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Anti-Gun Violence Rally Marches Across Brooklyn Bridge

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Advocates marched across the Brooklyn Bridge Saturday in an effort to end gun violence. NY1's Erin Clarke filed the following report.

This group is hoping that the chant, "Not one more!" resonates throughout New York and the country, making people realize that "enough is enough!"

And that the gun violence that's killed children and teenagers in our city and across the country such as Trayvon Martin and Jordan Davis of Florida and students at Sandy Hook Elementary—has to be prevented.

"I taught church school to Ben Wheller and Charlotte Bacon. When I heard about their deaths, it struck me to the soul. After that happened, I just decided I can't sit on the sidelines and let this gun issue just overrun the country. I need to fight back," said gun reform advocate Andrew Morosky.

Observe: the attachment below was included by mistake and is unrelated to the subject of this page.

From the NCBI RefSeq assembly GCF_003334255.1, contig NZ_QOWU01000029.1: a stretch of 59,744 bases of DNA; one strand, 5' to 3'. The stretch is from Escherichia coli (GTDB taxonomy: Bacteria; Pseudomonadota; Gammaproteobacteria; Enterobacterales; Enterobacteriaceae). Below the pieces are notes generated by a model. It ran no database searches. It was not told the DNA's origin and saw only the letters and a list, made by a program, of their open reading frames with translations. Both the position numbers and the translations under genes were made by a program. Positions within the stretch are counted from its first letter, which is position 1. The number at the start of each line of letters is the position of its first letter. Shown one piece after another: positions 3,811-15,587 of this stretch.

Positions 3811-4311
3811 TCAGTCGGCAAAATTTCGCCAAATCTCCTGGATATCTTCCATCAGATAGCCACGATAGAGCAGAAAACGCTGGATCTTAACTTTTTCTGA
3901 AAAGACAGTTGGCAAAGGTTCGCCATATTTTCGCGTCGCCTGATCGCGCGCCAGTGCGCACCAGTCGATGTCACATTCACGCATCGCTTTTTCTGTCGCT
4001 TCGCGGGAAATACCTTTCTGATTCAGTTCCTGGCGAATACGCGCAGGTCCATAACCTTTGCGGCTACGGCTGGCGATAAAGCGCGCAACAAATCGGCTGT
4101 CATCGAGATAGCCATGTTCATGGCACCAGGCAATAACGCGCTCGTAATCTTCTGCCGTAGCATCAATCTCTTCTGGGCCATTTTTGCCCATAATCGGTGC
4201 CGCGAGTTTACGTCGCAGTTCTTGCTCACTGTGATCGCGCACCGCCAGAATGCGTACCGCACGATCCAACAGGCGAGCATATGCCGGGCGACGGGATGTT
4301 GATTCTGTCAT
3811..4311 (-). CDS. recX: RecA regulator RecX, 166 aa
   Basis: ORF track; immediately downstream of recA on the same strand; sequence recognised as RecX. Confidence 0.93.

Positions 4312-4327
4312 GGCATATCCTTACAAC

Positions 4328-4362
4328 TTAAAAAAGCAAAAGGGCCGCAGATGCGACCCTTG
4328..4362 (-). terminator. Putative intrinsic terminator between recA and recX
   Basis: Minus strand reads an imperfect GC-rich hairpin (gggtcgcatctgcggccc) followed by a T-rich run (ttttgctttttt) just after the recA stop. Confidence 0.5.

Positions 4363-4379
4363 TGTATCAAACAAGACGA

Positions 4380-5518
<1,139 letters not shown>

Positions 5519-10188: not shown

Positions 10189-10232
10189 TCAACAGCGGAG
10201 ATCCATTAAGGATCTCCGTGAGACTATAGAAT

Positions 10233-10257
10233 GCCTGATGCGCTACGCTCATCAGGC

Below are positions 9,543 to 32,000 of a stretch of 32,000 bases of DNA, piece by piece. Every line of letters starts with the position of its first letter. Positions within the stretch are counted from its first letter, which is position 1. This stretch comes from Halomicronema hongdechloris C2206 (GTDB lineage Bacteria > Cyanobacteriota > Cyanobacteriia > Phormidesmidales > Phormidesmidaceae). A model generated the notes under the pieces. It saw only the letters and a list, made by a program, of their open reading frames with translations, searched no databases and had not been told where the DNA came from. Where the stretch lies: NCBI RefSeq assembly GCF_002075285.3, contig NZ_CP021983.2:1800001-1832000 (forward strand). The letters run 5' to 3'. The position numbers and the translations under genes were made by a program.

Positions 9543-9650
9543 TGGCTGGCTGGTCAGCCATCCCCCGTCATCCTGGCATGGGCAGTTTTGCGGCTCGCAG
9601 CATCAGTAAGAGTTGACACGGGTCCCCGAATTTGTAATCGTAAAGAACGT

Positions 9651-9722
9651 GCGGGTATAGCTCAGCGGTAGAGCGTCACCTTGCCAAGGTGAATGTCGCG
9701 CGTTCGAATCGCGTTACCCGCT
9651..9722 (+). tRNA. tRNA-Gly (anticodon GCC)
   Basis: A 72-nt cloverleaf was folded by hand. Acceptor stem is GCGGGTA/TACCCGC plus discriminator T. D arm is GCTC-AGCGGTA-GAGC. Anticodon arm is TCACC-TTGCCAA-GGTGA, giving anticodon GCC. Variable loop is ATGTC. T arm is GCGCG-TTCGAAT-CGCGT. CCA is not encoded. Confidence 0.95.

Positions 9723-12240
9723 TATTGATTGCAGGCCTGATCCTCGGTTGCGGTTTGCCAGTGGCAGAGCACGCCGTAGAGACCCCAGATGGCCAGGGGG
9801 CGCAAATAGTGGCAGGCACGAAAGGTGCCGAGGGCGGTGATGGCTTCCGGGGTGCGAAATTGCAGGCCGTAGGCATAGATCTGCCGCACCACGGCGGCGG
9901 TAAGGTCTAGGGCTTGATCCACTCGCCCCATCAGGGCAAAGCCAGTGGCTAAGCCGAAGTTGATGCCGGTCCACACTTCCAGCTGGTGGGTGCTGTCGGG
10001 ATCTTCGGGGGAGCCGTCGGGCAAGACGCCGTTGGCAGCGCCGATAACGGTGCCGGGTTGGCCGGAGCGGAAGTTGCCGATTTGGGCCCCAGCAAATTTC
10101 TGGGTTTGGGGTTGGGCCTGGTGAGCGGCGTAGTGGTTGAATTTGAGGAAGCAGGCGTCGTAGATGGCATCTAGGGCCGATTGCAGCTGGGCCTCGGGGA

That's what hundreds did Saturday afternoon. They gathered together, marching across the Brooklyn Bridge to City Hall for the second annual Rally to End Gun Violence held by Moms Demand Action for Gun Sense in America.

"We have to remain diligent in persuading our legislators to execute the will of the people that put them in office and if they do not, we will replace them," said Lucia McBath, the mother of Jordan Davis.

Meanwhile, gun reform advocates acknowledged that the entire country may not share their views, as made clear by two men who held a small counter protest during the rally.

"The gun lobby may have a big head start," McBath said.

They say won't be silent anymore.

"We're loud and we're going to use our voices to affect change," said Shannon Watts of Moms Demand Action.

They are only calling for what they say is common sense reform to gun laws.

"The majority of us do not want to take people's guns away. We just want a safer country to live in and it starts with having a background check on every gun purchase and that's really what we would like to see happen. We'd like to see Congress act on what they failed to perform last year," Morosky said.

Many say that's the first step to making sure more lives aren''t cut short by a bullet.

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